Sanna Malik

As originally published in Synergyzer Issue 3|2019

Fred Walti is the Founder & CEO of the Network for Global Innovation or NGIN, a global membership organization that includes incubators, technology parks, research institutes, universities and corporations, focused on supporting impact technologies – such technologies that work towards solving the world’s biggest problems like climate change, poverty etc. – in expanding their portfolios into new markets. He is a strong proponent of creating the kind of environment that would allow startups to contribute towards economic development or as he himself calls it, ‘creating an innovation ecosystem that drives economic development’. According to him, “The connection between startups and economic development starts with innovation. Encouraging innovation leads to the development of new products and new technologies, which in turn allow the establishing of new companies that create jobs, hire people and generate revenue. That revenue can be taxed and that tax can go back into the infrastructure. So I believe harnessing innovation through creating and developing new companies and startups is the primary way that countries should in fact generate an economy.”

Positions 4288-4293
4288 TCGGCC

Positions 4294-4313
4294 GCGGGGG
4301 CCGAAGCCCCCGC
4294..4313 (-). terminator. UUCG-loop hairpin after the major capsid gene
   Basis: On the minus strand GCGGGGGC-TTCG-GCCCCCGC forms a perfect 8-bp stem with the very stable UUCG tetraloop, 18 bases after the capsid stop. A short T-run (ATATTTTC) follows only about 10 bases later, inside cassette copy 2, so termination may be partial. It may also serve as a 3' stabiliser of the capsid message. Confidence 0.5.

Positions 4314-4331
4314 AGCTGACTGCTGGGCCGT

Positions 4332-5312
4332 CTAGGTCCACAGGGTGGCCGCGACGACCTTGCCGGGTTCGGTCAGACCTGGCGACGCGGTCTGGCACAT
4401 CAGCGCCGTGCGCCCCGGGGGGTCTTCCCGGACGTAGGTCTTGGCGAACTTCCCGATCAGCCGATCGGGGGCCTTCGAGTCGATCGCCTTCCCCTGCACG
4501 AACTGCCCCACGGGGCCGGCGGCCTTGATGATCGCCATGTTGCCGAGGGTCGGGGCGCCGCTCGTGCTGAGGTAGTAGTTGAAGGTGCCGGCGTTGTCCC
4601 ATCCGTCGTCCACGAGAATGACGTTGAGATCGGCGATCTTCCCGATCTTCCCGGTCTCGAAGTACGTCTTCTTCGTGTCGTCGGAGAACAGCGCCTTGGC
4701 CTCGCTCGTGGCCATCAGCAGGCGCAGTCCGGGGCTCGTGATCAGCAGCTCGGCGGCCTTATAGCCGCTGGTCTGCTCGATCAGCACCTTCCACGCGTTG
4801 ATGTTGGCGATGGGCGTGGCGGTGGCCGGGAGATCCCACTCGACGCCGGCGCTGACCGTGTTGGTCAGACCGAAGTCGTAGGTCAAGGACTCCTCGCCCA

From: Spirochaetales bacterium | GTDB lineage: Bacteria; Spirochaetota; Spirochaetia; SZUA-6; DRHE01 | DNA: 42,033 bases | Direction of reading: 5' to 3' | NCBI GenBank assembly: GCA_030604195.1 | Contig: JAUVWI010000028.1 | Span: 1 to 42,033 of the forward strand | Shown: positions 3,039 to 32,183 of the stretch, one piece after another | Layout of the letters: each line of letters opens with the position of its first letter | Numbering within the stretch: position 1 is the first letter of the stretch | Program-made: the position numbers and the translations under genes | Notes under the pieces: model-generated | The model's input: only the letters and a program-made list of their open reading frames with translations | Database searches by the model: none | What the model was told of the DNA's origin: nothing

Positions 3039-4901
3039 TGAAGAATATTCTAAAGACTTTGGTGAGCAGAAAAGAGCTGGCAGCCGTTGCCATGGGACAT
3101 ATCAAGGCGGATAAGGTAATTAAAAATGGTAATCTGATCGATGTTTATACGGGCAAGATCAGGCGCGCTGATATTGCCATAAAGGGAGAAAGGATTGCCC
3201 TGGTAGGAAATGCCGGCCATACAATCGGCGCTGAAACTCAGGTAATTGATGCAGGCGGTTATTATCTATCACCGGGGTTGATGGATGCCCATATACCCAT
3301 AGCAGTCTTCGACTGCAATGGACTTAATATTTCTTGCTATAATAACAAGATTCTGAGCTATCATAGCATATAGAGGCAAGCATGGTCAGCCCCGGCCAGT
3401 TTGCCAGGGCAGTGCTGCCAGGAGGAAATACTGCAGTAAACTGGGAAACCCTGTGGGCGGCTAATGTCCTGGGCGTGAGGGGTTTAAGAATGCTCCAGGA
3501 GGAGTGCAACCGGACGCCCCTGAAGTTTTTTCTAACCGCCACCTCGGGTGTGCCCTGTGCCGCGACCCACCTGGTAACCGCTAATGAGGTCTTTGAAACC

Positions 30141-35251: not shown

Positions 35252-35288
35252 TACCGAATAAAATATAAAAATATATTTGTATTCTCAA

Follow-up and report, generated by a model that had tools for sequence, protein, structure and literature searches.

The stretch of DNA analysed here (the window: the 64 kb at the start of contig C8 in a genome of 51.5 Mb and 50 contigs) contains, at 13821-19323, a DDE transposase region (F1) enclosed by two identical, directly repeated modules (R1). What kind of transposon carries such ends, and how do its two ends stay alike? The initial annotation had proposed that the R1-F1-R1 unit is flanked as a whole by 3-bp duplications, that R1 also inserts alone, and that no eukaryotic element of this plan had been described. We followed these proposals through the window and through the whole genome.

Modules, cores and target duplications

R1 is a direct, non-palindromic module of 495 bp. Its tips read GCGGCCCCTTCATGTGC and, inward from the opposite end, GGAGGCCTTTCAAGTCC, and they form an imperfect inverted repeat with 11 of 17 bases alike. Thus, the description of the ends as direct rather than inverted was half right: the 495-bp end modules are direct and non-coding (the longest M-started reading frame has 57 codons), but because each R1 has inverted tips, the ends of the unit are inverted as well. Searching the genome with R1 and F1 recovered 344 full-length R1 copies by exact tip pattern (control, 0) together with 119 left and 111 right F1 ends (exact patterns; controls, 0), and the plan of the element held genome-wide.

What about emerging economies, like Pakistan where almost half the population is living below the poverty line, I ask? “The concept is the same whether it’s a developed economy or an emerging economy; the difference is how much the infrastructure is supporting this concept. Therefore, in my opinion, in developing countries the government has to be more directly involved in funding, setting up and supporting such ecosystems because the private sector is not as well developed. Also, in emerging economies the focus needs to be on developing products, services and technologies that help the population at an affordable level like access to energy, electricity etc. If, for example, in Pakistan around 25% of the population does not have direct access to electricity, so the innovation has to be around creating lesser expensive ways of generating electricity that are not tied to a grid, like solar electricity. In Africa there are companies that offer farmers a small solar panel that generates enough electricity so that they can have a light, play radio and get water. That solar panel costs the farmers 50 cents a day, which they pay via a mobile payment system. This is the kind of innovation that a country like Pakistan can benefit from”, is his reply.